Contracts 101: The Contract Negotiation Hall of Shame

Legal expert Joshua Grimes says thinking like a lawyer can help you prepare for the unexpected.

Never make assumptions about what the contract means and what’s covered. Too often, people don’t want to read the contract properly and assume their lawyers can fix it later. 

Of the times that I’ve been asked to get involved when attrition damages are due because the group didn’t meet its block, I would say about 80 percent of the time the damages amount that is being assessed for attrition was not accurately determined according to the contract. And one time, after a company cancelled a meeting at a high-end resort and was charged $700,000 in cancellation damages, the company’s chief counsel all but admitted he had never really read the contract before signing. He did not expect the meeting to be cancelled, but the company had changed CEOs and the new chief decided the meeting was a little too extravagant to look good. The company made too many assumptions without reading the contract they signed: first, that their circumstances would not change and second, that they could just cancel without penalty.

One of the reasons why people don’t read and understand contracts is the language can be hard to understand. Always ask for a contract to be written in plain English, and if the meeting is abroad and your interpreter doesn’t understand the language, ask for clarification. If the language says, for example, the group agrees to comply with section XYZ of the Patriot Act. Well, what does that actually mean? Read the Act and find out if the group is able to comply. Other times there are complex insurance or privacy provisions; make sure that all your stakeholders can meet them.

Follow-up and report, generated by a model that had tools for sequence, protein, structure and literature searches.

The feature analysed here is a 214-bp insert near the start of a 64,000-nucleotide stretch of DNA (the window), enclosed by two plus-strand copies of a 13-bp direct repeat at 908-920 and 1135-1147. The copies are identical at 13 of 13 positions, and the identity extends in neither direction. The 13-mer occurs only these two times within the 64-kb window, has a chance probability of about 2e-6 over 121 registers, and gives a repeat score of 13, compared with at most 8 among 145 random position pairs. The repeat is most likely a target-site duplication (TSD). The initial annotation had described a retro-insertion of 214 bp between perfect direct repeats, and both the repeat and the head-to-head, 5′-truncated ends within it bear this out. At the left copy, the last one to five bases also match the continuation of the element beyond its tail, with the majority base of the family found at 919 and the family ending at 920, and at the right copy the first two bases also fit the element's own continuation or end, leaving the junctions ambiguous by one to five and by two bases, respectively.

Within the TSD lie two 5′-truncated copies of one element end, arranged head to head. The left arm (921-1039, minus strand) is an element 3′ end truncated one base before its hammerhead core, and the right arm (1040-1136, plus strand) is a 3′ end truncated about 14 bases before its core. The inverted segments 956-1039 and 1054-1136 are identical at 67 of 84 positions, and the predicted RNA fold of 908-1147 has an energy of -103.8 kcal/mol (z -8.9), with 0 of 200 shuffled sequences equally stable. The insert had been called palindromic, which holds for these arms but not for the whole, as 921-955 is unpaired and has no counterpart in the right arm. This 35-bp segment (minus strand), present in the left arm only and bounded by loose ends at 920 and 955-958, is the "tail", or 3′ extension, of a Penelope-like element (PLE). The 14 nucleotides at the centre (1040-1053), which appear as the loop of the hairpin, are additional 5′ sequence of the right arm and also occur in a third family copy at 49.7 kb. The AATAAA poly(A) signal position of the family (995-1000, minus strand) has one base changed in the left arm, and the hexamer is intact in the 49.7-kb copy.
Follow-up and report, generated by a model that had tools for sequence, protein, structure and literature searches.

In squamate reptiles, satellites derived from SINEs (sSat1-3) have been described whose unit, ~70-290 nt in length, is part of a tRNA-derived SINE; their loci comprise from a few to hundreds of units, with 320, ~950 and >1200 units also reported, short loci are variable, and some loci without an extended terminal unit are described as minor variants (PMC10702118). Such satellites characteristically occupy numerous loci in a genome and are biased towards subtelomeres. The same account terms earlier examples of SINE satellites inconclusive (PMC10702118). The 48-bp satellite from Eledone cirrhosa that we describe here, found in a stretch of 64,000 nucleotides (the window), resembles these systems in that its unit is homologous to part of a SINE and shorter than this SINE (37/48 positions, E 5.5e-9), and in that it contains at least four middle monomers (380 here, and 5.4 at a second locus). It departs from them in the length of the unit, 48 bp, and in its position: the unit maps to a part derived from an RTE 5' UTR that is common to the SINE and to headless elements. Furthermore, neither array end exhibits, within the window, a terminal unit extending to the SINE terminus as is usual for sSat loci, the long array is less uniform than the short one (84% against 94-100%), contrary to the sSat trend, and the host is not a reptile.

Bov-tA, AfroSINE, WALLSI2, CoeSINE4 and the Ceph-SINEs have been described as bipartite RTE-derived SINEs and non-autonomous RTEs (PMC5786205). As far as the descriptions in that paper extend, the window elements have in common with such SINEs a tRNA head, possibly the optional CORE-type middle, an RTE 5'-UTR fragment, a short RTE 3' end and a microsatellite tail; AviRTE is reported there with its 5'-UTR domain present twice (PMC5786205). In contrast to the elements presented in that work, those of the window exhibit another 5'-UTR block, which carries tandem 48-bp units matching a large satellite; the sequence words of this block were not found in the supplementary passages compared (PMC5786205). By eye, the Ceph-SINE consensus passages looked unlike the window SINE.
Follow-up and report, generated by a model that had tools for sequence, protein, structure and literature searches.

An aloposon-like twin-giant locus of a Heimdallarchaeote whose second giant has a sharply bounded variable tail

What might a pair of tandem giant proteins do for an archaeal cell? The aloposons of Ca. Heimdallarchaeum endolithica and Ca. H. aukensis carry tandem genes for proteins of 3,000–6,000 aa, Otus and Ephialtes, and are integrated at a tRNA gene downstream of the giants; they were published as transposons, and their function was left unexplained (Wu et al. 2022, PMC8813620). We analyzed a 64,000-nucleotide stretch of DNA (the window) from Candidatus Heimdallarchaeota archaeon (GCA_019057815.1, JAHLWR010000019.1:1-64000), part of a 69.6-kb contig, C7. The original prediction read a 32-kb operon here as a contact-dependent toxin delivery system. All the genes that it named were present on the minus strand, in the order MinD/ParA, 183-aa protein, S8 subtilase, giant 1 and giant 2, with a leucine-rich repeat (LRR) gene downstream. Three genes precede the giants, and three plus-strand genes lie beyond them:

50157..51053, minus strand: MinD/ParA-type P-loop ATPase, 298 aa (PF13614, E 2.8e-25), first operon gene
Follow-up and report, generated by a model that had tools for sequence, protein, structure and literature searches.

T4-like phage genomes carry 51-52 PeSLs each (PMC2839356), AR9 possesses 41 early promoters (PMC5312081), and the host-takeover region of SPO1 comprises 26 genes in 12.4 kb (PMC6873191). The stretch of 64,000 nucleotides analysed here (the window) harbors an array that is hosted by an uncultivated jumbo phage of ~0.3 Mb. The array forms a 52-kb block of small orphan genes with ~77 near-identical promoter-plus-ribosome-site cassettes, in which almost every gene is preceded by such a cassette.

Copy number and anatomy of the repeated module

Really look at what you are being asked to sign before you agree and be familiar with the terms so both sides can be in compliance. One time a group didn’t realize it had to provide an insurance certificate at a particular pre-conference date. You don’t want to scramble at the last minute. 

Sometimes planners are thrown when they have to put down a deposit to reserve a date at a nontraditional venue, like a theater, before they have a signed contract. Never hand over any money until you have a contract, unless it is totally refundable. For better or worse, not everyone in the events industry thinks like a lawyer. Probably for better! 


• Don’t make assumptions!

• Read and understand your contract before signing.

• Don’t send money without a contract. 

More cautionary tales to keep you out of the Negotiation Hall of Shame. 


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